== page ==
by Roger Carswell
Who would have guessed that in the 2017 Asterix comic “Asterix and the Chariot Race” there would be a character called “Coronavirus”? Until recently very few of us had heard the word. Now, across the world, it is the most talked about virus.
Even the UK’s Prime Minister, in sober tones, has warned that some of our loved ones will die because of Coronavirus. And it is easy to fear that it may be us rather than our loved ones who will be struck down. Coronavirus is no respecter of persons: it can strike rich or poor, famous or unknown, globe–trotters as well as stay–at–homers.
Life has changed radically for the nations of the world and us as individuals. Things we have taken for granted – freedom of travel and of meeting together, supply of basic necessities, and the hope of a long life – have been threatened. Wars, epidemics, plagues and disease have seemed so distant for most of us, but now this unseen virus is acting like a secret agent turning upside down our security and lives. We much prefer our routines, or even our ruts, to being routed by a microscopically minute virus.
There is real concern for millions whose business and employment are affected.
When life comes crashing down around us, or we fear for our future, there is still hope and security, but it is not to be found in ourselves or our circumstances.
For years we have been taught survival of the fittest and the horrible idea that epidemics are simply ‘mother earth’ thinning its ranks. Whatever some may say, life is not “just dancing to one’s DNA.” That does not ring true now. We all know that life is very precious. The Bible teaches wonderfully that God cares, and that He can cope. Writing to Christians in trouble, one of Jesus’ disciples, Peter, wrote: “Cast all your cares upon Him, for He cares for you.”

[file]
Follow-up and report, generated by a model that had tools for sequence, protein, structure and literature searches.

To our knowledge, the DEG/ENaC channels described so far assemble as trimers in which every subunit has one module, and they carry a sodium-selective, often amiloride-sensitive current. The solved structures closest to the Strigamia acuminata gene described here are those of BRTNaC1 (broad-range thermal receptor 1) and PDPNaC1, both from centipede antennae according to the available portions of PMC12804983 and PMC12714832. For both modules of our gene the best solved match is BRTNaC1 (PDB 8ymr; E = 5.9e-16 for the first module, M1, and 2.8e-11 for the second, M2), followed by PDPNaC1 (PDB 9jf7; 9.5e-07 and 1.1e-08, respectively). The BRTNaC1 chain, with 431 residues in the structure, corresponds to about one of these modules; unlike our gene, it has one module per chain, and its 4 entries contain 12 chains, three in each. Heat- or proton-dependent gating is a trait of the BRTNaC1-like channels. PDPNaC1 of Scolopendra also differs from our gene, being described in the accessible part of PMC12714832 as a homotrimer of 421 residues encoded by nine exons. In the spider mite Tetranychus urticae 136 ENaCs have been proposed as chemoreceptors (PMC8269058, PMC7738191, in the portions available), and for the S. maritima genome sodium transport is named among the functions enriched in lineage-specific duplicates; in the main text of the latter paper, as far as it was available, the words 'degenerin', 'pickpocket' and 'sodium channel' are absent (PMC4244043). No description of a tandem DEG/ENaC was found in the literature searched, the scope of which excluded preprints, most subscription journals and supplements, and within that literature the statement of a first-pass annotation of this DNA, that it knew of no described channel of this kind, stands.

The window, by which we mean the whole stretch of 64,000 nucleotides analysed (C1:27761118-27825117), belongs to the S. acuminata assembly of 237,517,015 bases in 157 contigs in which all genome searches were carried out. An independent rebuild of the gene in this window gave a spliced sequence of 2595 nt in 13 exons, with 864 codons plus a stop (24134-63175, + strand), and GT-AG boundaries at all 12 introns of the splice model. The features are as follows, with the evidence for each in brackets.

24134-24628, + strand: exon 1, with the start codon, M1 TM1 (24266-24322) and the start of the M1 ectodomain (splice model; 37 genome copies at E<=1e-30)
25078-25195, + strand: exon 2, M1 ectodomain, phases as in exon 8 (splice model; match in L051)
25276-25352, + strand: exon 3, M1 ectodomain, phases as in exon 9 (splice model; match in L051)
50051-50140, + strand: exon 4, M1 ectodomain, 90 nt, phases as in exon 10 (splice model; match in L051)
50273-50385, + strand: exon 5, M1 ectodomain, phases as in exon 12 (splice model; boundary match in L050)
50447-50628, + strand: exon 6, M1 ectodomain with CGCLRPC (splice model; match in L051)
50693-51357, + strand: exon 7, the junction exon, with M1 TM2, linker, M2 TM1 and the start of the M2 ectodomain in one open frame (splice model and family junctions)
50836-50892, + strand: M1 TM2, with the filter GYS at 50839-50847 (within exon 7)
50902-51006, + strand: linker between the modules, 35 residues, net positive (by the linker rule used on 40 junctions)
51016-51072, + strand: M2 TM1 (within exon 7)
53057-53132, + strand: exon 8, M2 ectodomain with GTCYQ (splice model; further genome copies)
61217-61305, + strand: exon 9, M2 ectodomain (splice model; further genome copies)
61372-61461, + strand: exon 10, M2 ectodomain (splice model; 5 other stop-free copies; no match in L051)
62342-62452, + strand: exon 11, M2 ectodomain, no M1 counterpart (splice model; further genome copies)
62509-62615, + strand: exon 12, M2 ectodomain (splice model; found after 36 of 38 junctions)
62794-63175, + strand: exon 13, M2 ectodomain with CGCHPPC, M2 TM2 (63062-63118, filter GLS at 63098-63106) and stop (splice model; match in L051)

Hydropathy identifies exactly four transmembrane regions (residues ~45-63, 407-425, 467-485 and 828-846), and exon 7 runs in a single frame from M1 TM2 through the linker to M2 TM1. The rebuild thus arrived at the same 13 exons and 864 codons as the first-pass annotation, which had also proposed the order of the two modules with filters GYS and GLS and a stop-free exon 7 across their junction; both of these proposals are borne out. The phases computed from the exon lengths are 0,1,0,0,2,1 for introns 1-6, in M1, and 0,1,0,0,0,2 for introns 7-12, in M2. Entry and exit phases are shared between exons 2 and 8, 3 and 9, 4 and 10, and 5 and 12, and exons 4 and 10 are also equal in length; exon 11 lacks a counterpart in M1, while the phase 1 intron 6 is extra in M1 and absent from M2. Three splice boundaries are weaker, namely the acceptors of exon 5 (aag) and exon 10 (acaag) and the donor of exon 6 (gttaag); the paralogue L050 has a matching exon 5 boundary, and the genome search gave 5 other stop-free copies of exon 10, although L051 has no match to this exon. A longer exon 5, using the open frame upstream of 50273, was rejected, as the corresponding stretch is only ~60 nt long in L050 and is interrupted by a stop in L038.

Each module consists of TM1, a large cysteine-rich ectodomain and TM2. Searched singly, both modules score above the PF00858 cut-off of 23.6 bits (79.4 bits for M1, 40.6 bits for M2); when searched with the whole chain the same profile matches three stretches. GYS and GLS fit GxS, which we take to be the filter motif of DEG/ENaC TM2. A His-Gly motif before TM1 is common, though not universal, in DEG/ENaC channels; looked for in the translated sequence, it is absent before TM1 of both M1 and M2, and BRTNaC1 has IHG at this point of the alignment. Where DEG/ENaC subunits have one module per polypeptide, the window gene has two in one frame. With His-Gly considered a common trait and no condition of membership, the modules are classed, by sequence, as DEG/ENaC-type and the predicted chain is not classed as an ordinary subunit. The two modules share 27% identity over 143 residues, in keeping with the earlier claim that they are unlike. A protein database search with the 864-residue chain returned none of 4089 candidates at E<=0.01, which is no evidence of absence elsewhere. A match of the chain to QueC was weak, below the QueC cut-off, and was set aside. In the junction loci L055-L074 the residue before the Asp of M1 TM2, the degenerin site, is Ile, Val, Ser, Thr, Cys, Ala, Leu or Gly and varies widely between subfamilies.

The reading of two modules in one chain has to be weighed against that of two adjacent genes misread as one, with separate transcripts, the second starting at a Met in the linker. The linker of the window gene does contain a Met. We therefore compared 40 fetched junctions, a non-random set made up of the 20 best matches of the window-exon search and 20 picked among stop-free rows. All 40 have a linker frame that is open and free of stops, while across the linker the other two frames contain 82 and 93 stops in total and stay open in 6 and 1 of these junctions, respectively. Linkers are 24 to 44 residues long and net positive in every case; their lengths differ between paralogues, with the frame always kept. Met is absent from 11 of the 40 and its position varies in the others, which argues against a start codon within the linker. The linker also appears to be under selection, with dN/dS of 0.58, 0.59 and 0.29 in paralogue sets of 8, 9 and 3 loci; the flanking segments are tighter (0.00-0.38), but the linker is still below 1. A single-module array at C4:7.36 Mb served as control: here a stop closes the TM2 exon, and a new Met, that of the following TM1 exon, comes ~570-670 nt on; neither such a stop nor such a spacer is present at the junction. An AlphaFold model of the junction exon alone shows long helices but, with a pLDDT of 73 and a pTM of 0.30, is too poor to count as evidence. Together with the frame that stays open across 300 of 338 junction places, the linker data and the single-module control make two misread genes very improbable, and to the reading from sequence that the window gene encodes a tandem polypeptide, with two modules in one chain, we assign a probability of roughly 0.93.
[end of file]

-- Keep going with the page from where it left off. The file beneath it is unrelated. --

Of course we want and need to act responsibly. Common sense listens to Government advice, keeps washing our hands, maintains a distance from possible infection and self–isolate where appropriate. But then what?
A farmer replied to the question, “What do you do when there is a storm?” saying, “I go inside and sharpen my tools!”
Once in a while that is a good thing to do. If we have to self–isolate, maybe we can rediscover the joy of life where we take time to read and not just to watch; where we learn again to appreciate and think of others; and start to rediscover a life not based on scurrying activity but taking stock and enjoying our own thoughts and company.
Of course, what we most fear is not the virus but death itself. Benjamin Franklin supposedly said that nothing is certain except taxes and death. The Bible goes further stating, “Each person is destined to die once and after that comes judgment.” The thought of giving account of all we have said and done to the God who gave us life – and really knows all about us – should send a shiver down our spines.
Then some people wonder if Coronavirus is an act of God. Is He judging us? When God sent plagues on the Egyptians at the time of Moses, pagan astrologers said to Pharaoh, “This is the finger of God.” “Sharpening our tools” should challenge nations and individuals to repent of turning our back on God and His commands, and lead to us turning to Him for forgiveness and help in our time of need.